Can you talk to us more about your song “Wildfire”?
The first lyrics sums it up, “Every flame wants to be a wildfire.”I think the same concept is happening on a global systemic level.So I consider this ballooning of humanity and my own day to day and how I can see evidence of these behaviors in my restlessness. I wanted the song to erupt in an enormous flame. My friend Nolan plays guitar on it. He’s really great.
Did any event inspire you to write this song?
Not that I know of.But it’s interesting that in its release, we live in the wake of devastating wildfires here in California. My friend’s home was destroyed.
How was the filming process and experience behind the video?
What an interesting question because it was my first time on set having an all out panic attack.I’ve been on set many times as director but never had this experience before.Luckily, it proved to be a merciful experience because no one on set even realized it. Thank god. It was a ton of fun though, Josh Levy the cinematographer and Carson Lund the editor are great friends of mine and we got to have fun creating images that we found really evocative and immersive. I love the rhythmicality Carson created with the edit. What a genius.
The single comes off your new album Plays With Fire – what’s the story behind the title?
I realize that this is going to sound not at all the way I mean it— But I’ve been coming to understand on a deep level our relationship with drugs. I’m not a drug user. I’m far too sensitive to the effects and use becomes abuse very quickly for me, so I’ve learned to step back. But “drugs” are also more abstract than how we call them. I think in Comfort Songs I began exploring the effects of love as a sort of egoic drug that can’t really sustain itself. Now I’ve learned that drugs are simply the ways in which we cope with the fires that drive us.We try to mediate them all the time. This album is about that mediating process. Growing too hungry for love or too apathetic for work. The “real world” is such a series of games. Plays with Fire documents my participation.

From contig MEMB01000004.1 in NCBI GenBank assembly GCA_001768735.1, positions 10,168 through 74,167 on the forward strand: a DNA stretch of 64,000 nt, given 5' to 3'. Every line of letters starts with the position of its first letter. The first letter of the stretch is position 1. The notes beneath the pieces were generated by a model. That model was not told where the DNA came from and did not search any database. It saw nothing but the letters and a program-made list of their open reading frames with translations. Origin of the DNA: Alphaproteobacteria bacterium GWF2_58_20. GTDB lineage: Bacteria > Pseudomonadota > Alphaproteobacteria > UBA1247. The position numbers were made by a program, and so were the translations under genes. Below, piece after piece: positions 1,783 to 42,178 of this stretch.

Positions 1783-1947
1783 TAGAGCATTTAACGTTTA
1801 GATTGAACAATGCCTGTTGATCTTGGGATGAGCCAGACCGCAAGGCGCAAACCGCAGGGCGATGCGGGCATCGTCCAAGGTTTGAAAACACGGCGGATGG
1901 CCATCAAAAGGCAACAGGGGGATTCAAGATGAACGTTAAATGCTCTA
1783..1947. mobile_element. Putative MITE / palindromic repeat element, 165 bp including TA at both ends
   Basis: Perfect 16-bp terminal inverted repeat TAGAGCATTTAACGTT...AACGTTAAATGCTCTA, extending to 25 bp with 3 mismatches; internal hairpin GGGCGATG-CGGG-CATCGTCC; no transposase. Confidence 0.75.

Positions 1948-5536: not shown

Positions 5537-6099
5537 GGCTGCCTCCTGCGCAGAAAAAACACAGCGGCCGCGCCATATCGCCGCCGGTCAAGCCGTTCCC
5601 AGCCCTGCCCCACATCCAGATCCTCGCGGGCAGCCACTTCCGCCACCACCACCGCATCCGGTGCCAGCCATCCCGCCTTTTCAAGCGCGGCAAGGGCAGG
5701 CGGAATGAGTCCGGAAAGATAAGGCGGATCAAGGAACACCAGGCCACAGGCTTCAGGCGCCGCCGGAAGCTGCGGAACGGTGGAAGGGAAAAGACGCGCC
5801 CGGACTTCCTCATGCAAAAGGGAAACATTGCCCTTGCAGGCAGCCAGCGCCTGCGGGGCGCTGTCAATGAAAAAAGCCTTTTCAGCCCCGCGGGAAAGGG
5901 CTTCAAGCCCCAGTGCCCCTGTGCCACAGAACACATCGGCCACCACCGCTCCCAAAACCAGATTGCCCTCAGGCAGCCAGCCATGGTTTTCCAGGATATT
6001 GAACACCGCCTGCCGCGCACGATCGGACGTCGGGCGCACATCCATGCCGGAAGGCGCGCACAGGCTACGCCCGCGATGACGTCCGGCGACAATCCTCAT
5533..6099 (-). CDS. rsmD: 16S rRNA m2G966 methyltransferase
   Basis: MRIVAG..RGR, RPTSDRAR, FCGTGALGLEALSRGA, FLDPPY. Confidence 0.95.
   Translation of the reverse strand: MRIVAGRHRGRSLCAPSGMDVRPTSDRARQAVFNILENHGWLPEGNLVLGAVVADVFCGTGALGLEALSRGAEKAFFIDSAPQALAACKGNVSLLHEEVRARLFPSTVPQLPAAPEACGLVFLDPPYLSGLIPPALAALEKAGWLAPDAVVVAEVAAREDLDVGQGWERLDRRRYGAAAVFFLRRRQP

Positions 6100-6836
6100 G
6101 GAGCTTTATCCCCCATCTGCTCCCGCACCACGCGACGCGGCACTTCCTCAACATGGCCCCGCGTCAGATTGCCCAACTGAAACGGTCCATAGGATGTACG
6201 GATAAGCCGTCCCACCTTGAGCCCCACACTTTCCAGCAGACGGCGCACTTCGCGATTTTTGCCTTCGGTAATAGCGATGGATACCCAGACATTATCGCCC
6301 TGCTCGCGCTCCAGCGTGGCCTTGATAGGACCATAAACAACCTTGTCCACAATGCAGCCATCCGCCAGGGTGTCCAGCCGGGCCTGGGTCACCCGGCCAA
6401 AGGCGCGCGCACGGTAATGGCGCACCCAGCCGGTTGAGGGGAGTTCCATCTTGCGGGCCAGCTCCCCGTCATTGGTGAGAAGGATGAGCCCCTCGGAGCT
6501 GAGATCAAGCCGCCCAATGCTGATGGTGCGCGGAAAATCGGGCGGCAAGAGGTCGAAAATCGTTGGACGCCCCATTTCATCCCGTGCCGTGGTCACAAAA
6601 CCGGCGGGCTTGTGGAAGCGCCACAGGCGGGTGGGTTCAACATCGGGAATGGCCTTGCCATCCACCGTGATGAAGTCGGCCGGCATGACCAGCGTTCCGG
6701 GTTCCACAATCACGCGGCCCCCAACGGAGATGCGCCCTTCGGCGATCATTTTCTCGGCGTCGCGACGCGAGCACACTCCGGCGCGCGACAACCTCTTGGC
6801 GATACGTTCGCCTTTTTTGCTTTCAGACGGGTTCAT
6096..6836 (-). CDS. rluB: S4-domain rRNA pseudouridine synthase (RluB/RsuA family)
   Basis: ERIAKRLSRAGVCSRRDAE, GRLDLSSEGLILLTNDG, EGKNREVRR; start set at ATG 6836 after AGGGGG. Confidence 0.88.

How was the recording and writing process?
The writing process was careful. I wrote this one over a span of three years so entire relationships and passion projects and jobs had been erected and disintegrated in its course. I wrote 20 songs and recorded them all in a month stint in Long Island several Decembers ago.I decided to choose the 9 that best articulated what I wanted to say and had my great friend Nolan who I mentioned earlier do the mixing.
What role does LA play in your writing?
I can’t tell if you if it does. I don’t think it does. But I guess the only logical answer is that some of my collaborators live here. So since they, for me, are apart of the LA landscape, they’ve influenced my writing greatly!
How has Yo La Tengo and Leonard Cohen influence your music?
Well YLT are very particular about tone and their recorded aesthetics. I wanted to be a bit more this way, so there was some experimenting in the recording space.Also, I wanted to homage their record cover for I Can Hear The Heart Beating As One because for the first time, Cloud has made a collection of songs type record, rather than a flowing narrative.I feel like Yo La Tengo gave me permission to create an album that is an assortment of sounds.Leonard Cohen is more of a spiritual advisor.
Where did you find the inspiration for the songs and lyrics?
Through intense self reflection.
Any plans to hit the road?
Not at the moment. Hopefully some shows soon though.
What else is happening next in Cloud´s world?
I have a follow up EP on the way. It has a fun title and another music video I’m really proud of.